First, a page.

3D Printing

North-African Start-Up Makes Bold Strides with 3D Printing

About three months ago I reported on 3DPrint, a Tunisia based 3D print shop and service, as proof that 3D printing is taking hold in North Africa and generally is giving an opportunity for local industrialization to many developing nations. In fact Tunisia is moving even faster than that on 3D printing and a new project by Tunisian start-up NewGen, in collaboration with the local In-HATT 3D printing service, demonstrates that the technology is rapidly taking hold on a hi-tech consumer level, even more so than in many European nations and the US.

NewGen is the Tunisian start-up that won the Tunisia Microsoft Imagine Cup, a global, annual student technology competition that Microsoft has been organizing since 2003. It did so by presenting a video game based on ecological sustainability, toying with the idea of taking objects from the real world into the virtual 3D world. As national winners, they qualified for the globe semi-finals: the Panarab Microsoft Imagine Cup, held in Doha last June 1st to the 4th.

In-HATT 3D printing service

To compete on the bigger stage they knew they had to make an impact with their presentation so they evolved the concept of taking physical objects into the real world to that of taking virtual characters out of the screen and into physical reality. To do it they turned to 3D printing. In-Hatt modelled and coloured the four main characters in the game (Wolf, Zombie, Dragon and Ghost) in Zbrush and then they simply 3D printed them out with their ZPrinter 650 in about two hours.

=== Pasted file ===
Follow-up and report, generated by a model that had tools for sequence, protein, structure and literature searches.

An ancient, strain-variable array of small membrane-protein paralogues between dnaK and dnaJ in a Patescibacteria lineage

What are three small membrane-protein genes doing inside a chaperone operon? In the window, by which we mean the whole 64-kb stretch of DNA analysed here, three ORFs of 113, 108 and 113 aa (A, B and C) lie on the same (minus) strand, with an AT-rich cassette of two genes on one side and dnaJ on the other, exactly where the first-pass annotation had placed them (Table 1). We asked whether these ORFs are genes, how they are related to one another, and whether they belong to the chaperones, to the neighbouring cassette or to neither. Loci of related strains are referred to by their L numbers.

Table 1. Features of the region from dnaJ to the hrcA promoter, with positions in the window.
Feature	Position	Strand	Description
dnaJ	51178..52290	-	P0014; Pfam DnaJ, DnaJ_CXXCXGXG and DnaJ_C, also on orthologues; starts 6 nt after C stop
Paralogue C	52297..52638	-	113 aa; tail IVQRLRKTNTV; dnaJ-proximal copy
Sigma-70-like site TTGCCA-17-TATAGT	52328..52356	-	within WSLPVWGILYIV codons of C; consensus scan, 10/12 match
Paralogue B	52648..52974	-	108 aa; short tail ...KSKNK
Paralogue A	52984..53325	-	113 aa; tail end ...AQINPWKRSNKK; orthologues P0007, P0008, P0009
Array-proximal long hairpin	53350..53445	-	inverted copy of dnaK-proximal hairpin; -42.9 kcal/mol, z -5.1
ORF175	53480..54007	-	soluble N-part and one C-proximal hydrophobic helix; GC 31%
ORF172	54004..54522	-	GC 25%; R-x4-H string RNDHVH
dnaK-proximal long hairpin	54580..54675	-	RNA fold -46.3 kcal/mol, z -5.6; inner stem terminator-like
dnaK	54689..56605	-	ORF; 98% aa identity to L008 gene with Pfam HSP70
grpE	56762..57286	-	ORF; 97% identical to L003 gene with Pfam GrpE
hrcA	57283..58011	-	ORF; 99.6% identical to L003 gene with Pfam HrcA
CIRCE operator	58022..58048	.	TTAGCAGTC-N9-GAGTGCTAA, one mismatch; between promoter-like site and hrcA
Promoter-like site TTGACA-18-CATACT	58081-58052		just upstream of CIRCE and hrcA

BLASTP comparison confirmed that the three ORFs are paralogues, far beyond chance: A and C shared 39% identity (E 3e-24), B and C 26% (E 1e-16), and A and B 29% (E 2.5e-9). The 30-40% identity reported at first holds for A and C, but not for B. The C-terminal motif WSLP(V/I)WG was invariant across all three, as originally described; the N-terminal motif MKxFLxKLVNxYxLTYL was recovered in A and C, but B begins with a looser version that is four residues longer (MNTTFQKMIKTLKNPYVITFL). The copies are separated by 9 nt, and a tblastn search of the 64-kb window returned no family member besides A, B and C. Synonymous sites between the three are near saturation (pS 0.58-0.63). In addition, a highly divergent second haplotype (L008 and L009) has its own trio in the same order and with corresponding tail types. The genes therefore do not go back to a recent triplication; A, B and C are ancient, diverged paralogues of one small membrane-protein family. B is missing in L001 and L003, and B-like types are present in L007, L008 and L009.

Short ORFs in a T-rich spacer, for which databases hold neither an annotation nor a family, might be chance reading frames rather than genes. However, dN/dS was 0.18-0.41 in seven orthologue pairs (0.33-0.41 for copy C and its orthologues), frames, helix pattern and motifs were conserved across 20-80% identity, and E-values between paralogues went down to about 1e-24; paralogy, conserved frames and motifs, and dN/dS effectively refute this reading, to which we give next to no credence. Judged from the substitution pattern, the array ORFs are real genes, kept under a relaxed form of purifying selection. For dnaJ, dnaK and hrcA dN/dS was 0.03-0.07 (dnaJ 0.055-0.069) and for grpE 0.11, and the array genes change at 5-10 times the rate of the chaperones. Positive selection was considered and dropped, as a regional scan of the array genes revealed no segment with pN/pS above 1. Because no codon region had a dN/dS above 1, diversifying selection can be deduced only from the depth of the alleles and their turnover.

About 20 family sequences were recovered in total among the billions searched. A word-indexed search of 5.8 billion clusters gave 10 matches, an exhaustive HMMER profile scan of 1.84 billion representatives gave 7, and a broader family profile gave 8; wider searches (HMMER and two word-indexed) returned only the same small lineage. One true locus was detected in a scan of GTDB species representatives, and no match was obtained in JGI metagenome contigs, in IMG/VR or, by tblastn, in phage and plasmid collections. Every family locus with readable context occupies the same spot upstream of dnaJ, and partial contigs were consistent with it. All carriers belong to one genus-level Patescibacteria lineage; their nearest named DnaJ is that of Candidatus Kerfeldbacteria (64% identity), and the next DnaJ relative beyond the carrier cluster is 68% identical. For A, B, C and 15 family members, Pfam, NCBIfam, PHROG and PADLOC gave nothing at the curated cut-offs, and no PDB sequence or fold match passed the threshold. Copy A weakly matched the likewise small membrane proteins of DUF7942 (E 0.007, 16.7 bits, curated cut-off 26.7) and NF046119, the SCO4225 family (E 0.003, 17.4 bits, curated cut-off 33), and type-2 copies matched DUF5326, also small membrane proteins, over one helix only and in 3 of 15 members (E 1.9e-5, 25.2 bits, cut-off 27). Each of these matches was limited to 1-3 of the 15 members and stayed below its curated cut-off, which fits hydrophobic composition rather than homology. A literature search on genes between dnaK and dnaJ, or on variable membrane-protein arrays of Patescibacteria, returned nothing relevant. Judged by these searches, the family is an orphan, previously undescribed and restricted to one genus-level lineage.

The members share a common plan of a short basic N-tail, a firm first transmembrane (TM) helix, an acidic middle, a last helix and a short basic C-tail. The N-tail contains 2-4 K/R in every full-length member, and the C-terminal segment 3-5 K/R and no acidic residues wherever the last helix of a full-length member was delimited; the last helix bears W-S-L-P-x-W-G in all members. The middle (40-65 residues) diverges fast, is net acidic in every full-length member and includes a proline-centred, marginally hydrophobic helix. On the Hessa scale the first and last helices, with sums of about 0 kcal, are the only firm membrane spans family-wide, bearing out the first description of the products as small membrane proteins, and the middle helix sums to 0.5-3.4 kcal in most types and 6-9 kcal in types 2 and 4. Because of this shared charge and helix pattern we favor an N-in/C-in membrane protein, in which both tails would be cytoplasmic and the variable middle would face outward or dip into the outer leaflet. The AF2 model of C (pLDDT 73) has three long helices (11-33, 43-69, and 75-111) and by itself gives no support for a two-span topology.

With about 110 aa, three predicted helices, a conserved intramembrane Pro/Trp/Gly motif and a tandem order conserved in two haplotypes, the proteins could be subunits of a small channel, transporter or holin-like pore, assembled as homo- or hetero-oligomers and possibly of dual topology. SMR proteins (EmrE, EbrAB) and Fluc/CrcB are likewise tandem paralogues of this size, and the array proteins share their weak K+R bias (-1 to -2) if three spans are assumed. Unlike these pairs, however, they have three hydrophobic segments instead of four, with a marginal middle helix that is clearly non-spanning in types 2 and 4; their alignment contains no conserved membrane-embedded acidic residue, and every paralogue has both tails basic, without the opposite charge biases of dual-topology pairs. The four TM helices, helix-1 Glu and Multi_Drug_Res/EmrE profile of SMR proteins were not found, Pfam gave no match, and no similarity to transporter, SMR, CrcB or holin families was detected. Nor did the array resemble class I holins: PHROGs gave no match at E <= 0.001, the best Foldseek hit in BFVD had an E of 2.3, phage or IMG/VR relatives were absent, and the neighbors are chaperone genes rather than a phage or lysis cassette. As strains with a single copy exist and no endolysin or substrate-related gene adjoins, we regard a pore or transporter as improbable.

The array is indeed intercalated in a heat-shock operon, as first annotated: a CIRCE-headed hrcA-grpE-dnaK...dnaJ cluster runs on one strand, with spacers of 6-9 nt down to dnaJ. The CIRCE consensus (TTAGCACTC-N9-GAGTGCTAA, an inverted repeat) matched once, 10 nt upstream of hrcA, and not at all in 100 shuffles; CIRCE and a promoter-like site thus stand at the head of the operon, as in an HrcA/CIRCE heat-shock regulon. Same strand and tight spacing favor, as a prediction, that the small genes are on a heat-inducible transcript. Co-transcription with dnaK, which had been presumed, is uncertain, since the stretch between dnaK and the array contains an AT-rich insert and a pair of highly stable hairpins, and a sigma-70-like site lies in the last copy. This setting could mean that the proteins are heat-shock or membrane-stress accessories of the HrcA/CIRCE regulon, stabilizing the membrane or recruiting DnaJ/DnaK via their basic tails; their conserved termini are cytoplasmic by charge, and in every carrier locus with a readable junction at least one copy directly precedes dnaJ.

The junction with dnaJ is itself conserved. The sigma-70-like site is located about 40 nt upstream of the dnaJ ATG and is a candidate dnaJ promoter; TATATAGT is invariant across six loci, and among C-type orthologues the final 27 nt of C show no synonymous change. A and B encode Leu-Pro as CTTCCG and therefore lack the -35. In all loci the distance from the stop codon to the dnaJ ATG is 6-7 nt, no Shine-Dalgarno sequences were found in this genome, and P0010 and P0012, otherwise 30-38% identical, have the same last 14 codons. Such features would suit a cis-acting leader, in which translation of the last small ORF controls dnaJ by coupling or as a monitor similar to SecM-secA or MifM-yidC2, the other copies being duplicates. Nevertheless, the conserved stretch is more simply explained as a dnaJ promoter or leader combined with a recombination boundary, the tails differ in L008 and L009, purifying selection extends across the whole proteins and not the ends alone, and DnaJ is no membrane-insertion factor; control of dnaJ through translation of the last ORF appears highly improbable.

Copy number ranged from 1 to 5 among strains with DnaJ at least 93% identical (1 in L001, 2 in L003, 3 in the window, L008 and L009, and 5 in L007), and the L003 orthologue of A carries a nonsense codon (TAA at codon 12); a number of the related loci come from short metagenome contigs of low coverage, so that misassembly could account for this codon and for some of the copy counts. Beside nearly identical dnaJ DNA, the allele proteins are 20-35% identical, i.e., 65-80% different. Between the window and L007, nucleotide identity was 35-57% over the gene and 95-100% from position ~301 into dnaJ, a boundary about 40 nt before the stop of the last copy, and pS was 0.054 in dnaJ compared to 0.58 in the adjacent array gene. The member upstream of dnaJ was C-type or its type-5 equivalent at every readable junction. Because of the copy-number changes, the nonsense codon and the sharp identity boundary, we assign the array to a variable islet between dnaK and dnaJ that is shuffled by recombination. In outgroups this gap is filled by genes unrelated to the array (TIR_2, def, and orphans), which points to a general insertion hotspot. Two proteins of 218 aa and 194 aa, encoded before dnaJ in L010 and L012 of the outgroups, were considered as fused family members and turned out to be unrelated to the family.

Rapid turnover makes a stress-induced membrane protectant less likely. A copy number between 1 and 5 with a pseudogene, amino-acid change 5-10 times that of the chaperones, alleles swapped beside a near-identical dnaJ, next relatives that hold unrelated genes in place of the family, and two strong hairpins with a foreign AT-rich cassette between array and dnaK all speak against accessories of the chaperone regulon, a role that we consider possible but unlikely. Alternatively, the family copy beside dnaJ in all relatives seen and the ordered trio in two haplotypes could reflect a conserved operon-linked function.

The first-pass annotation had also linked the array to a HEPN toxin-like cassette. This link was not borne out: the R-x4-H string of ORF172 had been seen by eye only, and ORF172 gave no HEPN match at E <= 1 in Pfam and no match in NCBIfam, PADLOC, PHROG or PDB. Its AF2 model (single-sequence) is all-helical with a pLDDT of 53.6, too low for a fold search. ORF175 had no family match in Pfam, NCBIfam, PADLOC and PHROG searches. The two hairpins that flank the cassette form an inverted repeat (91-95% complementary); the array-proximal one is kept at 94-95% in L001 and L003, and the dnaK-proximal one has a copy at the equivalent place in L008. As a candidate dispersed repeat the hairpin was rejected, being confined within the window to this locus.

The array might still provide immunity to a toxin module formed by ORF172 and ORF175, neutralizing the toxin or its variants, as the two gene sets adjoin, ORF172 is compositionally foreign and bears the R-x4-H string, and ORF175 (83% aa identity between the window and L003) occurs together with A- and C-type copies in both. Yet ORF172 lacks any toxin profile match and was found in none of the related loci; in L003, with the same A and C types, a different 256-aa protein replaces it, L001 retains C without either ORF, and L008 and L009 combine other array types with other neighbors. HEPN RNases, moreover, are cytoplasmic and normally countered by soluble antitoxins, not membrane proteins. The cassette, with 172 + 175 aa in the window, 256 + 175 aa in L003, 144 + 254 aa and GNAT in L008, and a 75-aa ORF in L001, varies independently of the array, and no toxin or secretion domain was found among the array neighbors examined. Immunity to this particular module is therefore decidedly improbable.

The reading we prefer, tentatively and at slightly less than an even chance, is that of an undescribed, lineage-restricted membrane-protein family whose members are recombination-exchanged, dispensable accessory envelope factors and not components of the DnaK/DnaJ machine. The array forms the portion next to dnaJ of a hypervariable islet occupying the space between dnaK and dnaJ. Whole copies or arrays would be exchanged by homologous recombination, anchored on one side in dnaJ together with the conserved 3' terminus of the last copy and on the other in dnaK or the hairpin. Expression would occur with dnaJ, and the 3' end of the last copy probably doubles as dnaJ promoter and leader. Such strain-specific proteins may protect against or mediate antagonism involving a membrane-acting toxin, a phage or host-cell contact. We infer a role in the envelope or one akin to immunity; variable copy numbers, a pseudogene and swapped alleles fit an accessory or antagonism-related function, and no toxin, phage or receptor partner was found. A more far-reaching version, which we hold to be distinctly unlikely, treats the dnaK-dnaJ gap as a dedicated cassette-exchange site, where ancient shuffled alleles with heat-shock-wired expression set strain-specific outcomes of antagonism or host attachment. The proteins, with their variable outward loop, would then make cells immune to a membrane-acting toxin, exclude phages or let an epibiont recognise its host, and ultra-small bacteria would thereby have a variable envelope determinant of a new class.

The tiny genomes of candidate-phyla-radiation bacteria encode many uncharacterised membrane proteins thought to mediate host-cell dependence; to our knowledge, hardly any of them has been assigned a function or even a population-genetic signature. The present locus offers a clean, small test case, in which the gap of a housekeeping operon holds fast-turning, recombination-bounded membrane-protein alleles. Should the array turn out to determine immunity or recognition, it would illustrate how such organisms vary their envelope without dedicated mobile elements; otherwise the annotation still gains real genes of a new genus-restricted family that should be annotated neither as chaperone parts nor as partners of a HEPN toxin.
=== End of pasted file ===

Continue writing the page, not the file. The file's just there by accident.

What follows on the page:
The team at NewGen was enthusiastic with the result, which they then implemented directly in the gameplay to close a virtuous cycle (virtual to physical to virtual to physical) and so were the Panarab Imagine Cup judges that awarded the small start-up team with the second place in the tournament. This means they will not take part in the Global Finals in Seattle but there is little doubt that everyone involved came out on top, especially 3D printing. “We believe in youth capabilities – said In-Hatt’s Fahmy Hattay – and we enjoyed helping them till the end. With 3D printing we achieved the impossible!”

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